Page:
Title: MR-LDP: a two-sample Mendelian randomization for GWAS summary statistics accountinglinkage disequilibrium and horizontal pleiotropy
Time:Friday, January 3, 2020 10:30~11:30 am
Abstract:The proliferation of genome-wide association studies (GWAS) has prompted the use of two-sample Mendelian randomization (MR) with genetic variants as instrumental variables (IV) for drawing reliable causal relationships between health risk factors and disease outcomes. However, the unique features of GWAS demand MR methods account for both linkage disequilibrium (LD) and ubiquitously existing horizontal pleiotropy among complex traits, which is a phenomenon that a variant affects the outcome other than exclusively through the exposure. Therefore, statistical methods that fail to consider LD and horizontal pleiotropy can lead to biased estimates and false-positive causal relationships. To overcome these limitations, we propose a probabilistic model for MR analysis to identify causal effect between risk factors and disease outcomes by using GWAS summary statistics in the presence of LD, as well as properly accounts for horizontal Pleiotropy among genetic variants (MR-LDP). MR-LDP utilizes a computationally efficient parameter-expanded variational Bayes expectation-maximization (PX-VBEM) algorithm, calibrating the evidence lower bound (ELBO) for a likelihood ratio test. We further conducted comprehensive simulation studies to demonstrate the advantages of MR-LDP over existing methods in terms of both type-I error control and point estimates. Moreover, we used two real exposure-outcome pairs (CAD-CAD and BMI-BMI; CAD for coronary artery disease and BMI for body mass index) to validate results from MR-LDP in comparison with alternative methods, particularly showing that our method is more efficient using all instrumental variants in LD. By further applying MR-LDP to lipid traits and BMI as risk factors on complex diseases, we identified multiple pairs of significant causal relationships, including protective effect of high-density lipoprotein cholesterol (HDL-C) on peripheral vascular disease (PVD), and positive causal effect of body mass index (BMI) on hemorrhoids.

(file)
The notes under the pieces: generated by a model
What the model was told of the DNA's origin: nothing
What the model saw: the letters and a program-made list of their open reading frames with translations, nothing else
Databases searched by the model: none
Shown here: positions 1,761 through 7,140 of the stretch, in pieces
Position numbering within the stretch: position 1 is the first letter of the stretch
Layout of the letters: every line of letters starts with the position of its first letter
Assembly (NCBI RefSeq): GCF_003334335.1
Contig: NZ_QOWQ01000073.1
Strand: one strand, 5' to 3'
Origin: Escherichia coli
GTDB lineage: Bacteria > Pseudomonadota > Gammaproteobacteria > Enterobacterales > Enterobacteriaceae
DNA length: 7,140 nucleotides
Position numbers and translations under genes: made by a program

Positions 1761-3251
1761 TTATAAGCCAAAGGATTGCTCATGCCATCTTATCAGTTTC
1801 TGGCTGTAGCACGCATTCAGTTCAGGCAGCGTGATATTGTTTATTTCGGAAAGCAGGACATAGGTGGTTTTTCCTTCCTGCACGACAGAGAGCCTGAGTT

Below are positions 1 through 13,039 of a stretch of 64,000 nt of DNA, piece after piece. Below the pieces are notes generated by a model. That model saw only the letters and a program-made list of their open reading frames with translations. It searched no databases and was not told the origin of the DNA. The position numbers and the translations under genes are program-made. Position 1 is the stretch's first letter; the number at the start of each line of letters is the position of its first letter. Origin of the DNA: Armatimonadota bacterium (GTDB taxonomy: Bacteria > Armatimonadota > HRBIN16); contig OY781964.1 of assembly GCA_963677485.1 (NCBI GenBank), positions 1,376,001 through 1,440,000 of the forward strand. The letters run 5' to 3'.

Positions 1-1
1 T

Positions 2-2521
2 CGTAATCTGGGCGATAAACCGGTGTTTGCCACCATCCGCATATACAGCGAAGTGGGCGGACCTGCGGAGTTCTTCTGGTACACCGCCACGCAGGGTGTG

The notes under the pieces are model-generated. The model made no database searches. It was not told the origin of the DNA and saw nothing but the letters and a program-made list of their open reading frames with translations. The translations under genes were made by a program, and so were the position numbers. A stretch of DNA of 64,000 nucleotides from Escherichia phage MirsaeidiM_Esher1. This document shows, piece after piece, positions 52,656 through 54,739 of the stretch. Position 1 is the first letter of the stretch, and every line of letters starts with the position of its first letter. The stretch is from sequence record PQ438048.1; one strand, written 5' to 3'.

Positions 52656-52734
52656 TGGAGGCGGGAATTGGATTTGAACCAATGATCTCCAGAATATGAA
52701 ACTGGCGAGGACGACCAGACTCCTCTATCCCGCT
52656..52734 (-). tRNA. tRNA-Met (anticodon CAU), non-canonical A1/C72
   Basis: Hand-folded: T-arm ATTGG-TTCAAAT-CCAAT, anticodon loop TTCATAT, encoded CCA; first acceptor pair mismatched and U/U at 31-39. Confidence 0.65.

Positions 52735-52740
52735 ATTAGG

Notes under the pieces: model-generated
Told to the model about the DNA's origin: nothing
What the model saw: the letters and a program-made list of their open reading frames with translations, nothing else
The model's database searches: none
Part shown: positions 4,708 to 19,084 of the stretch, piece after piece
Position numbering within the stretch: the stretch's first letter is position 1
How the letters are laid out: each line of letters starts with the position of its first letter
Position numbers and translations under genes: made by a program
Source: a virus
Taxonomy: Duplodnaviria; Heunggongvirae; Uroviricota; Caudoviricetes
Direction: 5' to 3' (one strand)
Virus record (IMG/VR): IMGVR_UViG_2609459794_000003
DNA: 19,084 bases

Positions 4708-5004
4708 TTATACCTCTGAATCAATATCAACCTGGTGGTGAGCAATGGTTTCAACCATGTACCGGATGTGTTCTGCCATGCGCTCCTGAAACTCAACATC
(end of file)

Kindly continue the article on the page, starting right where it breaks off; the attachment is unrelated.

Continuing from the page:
Reporter Introduction:Qing received her Ph.D. in Statistics from the Shanghai University of Finance and Economics. She is now a research fellow at Duke-NUS Medical School. Her current research interests are on the functional regression model, interaction detection, Empirical Bayes, Variational inference and Bayesian variable selection.
Title: Cross-Complementary Pairs (CCP) for Optimal Training in Spatial Modulation
Time:9:00-10:00 am on December 25, 2019
Abstract:Golay complementary pair (GCP) is a celebrated sequence pair whose aperiodic autocorrelations sum to zero for all the non-zero time-shifts. Despite numerous applications of GCPs in engineering, it is noted that the transmission of a GCP requires two separate and non-interfering channels. In this talk, I will introduce a new class of sequence pairs, called “cross-complementary pairs (CCPs)”, which may be transmitted in two non-orthogonal channels and hence proper CCP design should be conducted to minimize the cross-interference of the two constituent sequences. I will present the properties and systematic constructions of perfect CCPs, followed by their applications for optimal training sequence design in spatial modulation (SM) systems under frequency-selective channels.
Reporter Introduction:ZHe received his M.S. degree in the Department of Electronic Engineering from Tsinghua University and B.S. degree in the School of Electronics and Information Engineering from Huazhong University of Science and Technology (HUST), in 2007 and 2004, respectively. .